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Set 112

Russian Field Artillery (Summer Uniform)

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All figures are supplied unpainted    (Numbers of each pose in brackets)
Date Released 2011
Contents 14 figures and 2 guns
Poses 14 poses
Material Plastic (Medium Consistency)
Colours Green
Average Height 23.5 mm (= 1.7 m)


After the disasters of the Crimean War the Russian Army underwent a number of much-needed reforms, which included the artillery. This was a period in which rifled breech-loaded artillery was becoming widely adopted, with the Krupp company at the forefront, and the Tsar was one of their better customers. For the war against the Ottoman Empire in 1877, Russia had an arsenal of breech-loading guns based on the Krupp design (the '1867' type), but for reasons of economy the barrels were made of bronze, which quickly wore away the rifling, thus reducing the effectiveness of the gun. The decision to move to new steel guns, like those of the Ottomans, was taken during the war, but these were not delivered before its end, so it was with bronze guns that the conflict was fought.

Each Russian infantry division was supported by (i.e. incorporated) one brigade of foot artillery, which was made up of six batteries - three of 4-pounders and three of 9-pounders. From the dimensions of the gun in this set it is clearly intended to be the smaller 4-pounder, although with a barrel length of 22mm (1584mm) it is still shorter than the 1727mm length of the real thing. It is also a really poor model, even considering some simplification was inevitable. The basic shape of the barrel is a simple tube, ignoring the slight tapering and the thicker breech, so it does not look anything like the real thing. The carriage is wildly simplified, has massively thick cheek pieces which are completely wrong and has an entirely fanciful curved end to the trail.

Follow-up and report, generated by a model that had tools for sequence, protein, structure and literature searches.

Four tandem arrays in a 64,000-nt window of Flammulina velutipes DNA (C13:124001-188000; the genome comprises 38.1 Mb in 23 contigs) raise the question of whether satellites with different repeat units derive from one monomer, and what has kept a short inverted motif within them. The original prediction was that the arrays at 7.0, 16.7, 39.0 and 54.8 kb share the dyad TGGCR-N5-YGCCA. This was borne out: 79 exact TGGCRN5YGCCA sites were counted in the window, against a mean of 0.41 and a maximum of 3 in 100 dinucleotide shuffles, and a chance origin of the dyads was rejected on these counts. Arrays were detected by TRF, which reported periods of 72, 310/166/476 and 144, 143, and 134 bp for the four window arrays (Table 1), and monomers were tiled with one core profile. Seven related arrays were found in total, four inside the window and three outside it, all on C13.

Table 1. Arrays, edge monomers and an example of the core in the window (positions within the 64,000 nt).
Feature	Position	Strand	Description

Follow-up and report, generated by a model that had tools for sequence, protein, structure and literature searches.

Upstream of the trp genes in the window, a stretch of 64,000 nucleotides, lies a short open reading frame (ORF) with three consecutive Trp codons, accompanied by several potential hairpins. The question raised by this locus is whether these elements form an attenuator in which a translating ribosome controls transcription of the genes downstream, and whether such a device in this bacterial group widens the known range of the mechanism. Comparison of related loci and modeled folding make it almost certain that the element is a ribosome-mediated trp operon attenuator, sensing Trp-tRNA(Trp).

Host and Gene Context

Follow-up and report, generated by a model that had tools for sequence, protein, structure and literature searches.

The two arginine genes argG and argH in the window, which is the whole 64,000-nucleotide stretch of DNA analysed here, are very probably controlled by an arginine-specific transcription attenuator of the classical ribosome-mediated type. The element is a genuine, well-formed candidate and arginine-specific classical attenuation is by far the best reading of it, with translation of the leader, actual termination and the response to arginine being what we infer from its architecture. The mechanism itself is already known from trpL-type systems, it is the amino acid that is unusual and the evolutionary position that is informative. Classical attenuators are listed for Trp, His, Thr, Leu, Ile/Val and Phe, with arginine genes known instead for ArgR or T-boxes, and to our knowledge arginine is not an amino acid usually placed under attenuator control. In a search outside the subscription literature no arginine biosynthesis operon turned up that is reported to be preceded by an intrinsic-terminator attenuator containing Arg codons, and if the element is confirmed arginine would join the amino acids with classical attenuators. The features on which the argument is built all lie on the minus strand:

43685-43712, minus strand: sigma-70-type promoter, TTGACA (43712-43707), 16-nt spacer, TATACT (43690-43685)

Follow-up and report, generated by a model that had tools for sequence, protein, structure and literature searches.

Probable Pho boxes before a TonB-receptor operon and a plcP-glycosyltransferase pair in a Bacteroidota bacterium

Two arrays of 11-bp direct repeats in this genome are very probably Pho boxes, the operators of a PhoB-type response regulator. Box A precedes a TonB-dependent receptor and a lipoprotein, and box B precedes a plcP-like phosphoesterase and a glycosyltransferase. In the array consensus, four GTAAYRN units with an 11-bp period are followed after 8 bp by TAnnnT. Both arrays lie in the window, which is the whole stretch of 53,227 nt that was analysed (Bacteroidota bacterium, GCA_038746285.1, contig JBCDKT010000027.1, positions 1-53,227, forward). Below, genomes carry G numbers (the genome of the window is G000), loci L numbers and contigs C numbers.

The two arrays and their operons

Russian gunners wore a uniform much like that of the infantry. The single-breasted tunic, long boots and kepi/cap in the French style are all faithfully and correctly repeated on these figures, who as might be expected wear little in the way of equipment. Some carry shells which look OK, but two carry miniature sponges which could not even reach down the full length of the truncated model in this set, much less the true length of such a gun barrel. There are plenty of photographs showing the sponge as being noticeably taller than a man (in fact it was 2.2 metres in length), which makes this writer wonder whether these are based on items used in a re-enactment, where downsized guns (and therefore downsized tools) are often used. Whatever the reason, this is another disappointment.

This is a generous number of figures per gun, which is nice to see, although most of them are extremely flat. The idea behind many is good but the execution is not, although the senior officer is particularly nice. The sculpting is not good anatomically, mainly thanks to the flatness, with the usual lack of finesse we get from this manufacturer. Still the variety of poses allows the gun to be displayed at various moments in its loading and firing cycle, which is an option many artillery sets lack.

While the men are historically accurate the gun is not, which is a real problem for those that want authenticity as this leaves the men with nothing to serve. Disappointing sculpting is one thing but this set is largely let down by the crude gun, which harks back to the early Airfix output, but sadly at the time of writing has no suitable alternative.


Historical Accuracy 6
Pose Quality 9
Pose Number 10
Sculpting 6
Mould 9

Further Reading
"Russian Field Artillery 1382-1917" - - Sergey Voytsekhovich
"The Russian Army and its Campaigns in Turkey in 1877-1878" - Swedenborg Press - F V Greene - 9781443785310
"The Russo-Turkish War 1877" - Osprey (Men-at-Arms Series No.277) - Ian Drury - 9781855323711
"Uniforms of the Imperial Russian Army" - Blandford (Colour Series) - Boris Mollo - 9780713709209

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